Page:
From the NY Daily News.
Guadalupe Shaw, 14, and another girl were charged with felony aggravated stalking in the suicide death of 12-year-old Rebecca Sedwick, who jumped off a tower last month. Sedwick’s tormentors were relentless in their bullying, police said, and Shaw even wrote a heartless message on Facebook after the girl died.
[...]Sedwick was bullied relentlessly for several months before she jumped to her death from a tower at a nearby abandoned concrete plant in Lakeland, the Polk County Sheriff’s Office said.
The 14-year-old, identified as Guadalupe Shaw, reportedly posted a coldhearted message on Facebook after Sedwick’s suicide — prompting cops to arrest her.
The implicating post said, “Yes ik [I know] I bullied Rebecca nd she killed her self but IDGAF [I don't give a (expletive)].”
As many as 15 girls “terrorized” Sedwick for several months with messages such as “You should die” and “Why don’t you go kill yourself,” but Shaw and a 12-year-old girl are the only ones that have been charged so far. The sheriff’s office released the name of the 12-year-old, but it is the Daily News’ policy not to identify minors.
“Detectives have determined that on Sept. 10, 2013, Rebecca Sedwick committed suicide by jumping from a concrete silo tower to her death, and that the malicious harassment by (the 12-year-old girl) and Shaw was likely a contributing factor in Rebecca’s decision to commit suicide,” the sheriff’s office said in a statement.
Witnesses told investigators that Shaw harassed Sedwick by calling her ugly, told her to “drink bleach and die,” and suggested that she should kill herself. Shaw’s animosity may have stemmed from the fact that a boyfriend of hers had previously dated Sedwick.
I always thought that only boys could be bullies, and not girls, so I find this story surprising. However, it does sort of make sense since studies have shown that women commit domestic violence at almost the same rates as men do. Let’s take a look at those studies.
Studies on domestic violence
Let’s see what’s happening with domestic violence rates in the UK.
Data from Home Office statistical bulletins and the British Crime Survey show that men made up about 40% of domestic violence victims each year between 2004-05 and 2008-09, the last year for which figures are available. In 2006-07 men made up 43.4% of all those who had suffered partner abuse in the previous year, which rose to 45.5% in 2007-08 but fell to 37.7% in 2008-09.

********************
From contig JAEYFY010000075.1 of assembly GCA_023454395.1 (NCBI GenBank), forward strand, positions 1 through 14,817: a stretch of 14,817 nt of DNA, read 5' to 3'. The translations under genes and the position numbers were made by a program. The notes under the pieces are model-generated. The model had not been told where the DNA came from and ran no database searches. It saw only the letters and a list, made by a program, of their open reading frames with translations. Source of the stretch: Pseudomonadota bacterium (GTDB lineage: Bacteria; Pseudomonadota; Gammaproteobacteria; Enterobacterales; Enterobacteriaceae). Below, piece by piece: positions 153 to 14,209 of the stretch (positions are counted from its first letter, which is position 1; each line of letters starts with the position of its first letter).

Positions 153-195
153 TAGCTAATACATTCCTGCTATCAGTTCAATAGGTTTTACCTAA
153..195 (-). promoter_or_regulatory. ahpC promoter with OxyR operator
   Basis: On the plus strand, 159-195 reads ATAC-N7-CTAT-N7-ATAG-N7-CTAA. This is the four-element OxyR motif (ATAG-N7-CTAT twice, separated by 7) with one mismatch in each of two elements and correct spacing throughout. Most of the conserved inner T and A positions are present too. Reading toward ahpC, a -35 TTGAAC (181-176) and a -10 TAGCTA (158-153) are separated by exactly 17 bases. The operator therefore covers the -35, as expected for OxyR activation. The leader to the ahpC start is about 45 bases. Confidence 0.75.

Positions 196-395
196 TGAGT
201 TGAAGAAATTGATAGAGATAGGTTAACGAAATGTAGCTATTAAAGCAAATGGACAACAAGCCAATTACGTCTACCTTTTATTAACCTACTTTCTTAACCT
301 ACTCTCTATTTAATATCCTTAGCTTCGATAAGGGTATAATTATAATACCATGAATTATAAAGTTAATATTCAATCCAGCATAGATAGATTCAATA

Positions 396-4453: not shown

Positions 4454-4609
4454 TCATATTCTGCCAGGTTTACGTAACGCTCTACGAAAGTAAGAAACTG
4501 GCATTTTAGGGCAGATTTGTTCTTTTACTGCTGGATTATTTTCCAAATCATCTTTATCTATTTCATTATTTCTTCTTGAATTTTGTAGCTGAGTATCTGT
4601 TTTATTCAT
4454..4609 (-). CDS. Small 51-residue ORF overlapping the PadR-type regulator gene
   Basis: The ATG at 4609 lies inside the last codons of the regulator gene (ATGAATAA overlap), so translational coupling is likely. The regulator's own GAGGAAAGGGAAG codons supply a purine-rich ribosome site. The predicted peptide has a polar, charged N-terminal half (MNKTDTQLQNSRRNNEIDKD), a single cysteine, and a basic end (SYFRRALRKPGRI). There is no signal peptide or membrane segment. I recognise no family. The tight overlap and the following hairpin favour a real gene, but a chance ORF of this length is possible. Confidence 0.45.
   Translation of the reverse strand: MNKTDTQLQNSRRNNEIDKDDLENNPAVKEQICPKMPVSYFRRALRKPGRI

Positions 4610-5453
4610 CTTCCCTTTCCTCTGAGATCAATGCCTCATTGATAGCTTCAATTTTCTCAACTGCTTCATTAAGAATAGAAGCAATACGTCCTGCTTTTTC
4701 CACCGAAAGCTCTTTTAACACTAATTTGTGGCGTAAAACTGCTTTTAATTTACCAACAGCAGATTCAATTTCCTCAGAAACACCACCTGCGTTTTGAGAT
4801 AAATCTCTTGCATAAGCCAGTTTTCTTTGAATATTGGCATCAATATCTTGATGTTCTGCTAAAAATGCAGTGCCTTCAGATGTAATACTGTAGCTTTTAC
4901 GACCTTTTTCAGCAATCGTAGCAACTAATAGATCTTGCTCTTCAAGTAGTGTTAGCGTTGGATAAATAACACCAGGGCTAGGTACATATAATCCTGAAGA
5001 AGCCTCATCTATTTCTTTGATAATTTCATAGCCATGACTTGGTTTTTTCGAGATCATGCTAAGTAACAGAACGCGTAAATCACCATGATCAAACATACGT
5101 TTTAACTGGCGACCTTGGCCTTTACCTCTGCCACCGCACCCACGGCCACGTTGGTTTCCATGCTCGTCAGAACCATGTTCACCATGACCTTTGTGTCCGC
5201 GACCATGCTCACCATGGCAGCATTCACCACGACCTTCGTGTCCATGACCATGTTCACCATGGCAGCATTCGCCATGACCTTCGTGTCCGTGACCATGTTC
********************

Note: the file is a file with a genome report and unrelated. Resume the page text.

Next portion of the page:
Similar or slightly larger numbers of men were subjected to severe force in an incident with their partner, according to the same documents. The figure stood at 48.6% in 2006-07, 48.3% the next year and 37.5% in 2008-09, Home Office statistics show.
The 2008-09 bulletin states: “More than one in four women (28%) and around one in six men (16%) had experienced domestic abuse since the age of 16. These figures are equivalent to an estimated 4.5 million female victims of domestic abuse and 2.6 million male victims.”
In addition, “6% of women and 4% of men reported having experienced domestic abuse in the past year, equivalent to an estimated one million female victims of domestic abuse and 600,000 male victims”.
And the numbers from the government of Canada are the same.
An estimated 7% of women and 6% of men in a current or previous spousal relationship encountered spousal violence during the five years up to and including 2004, according to a comprehensive new report on family violence.
So it’s pretty even. Women are about as likely to commit violence as men are. And in lesbian relationships, the rate of domestic violence is extremely high, from 17% to 45%, depending on the study. I think in general, women are more violent when there is no man present, because they have more difficulty restraining their emotions and resolving disagreements with rational arguments instead of fist, feet and weapons. It would be interesting to know more about which of the girls in the Florida stalking story – predators and prey – had fathers in the home. I think that the presence of fathers would have helped everyone concerned. Fathers are a stabilizing influence in the home.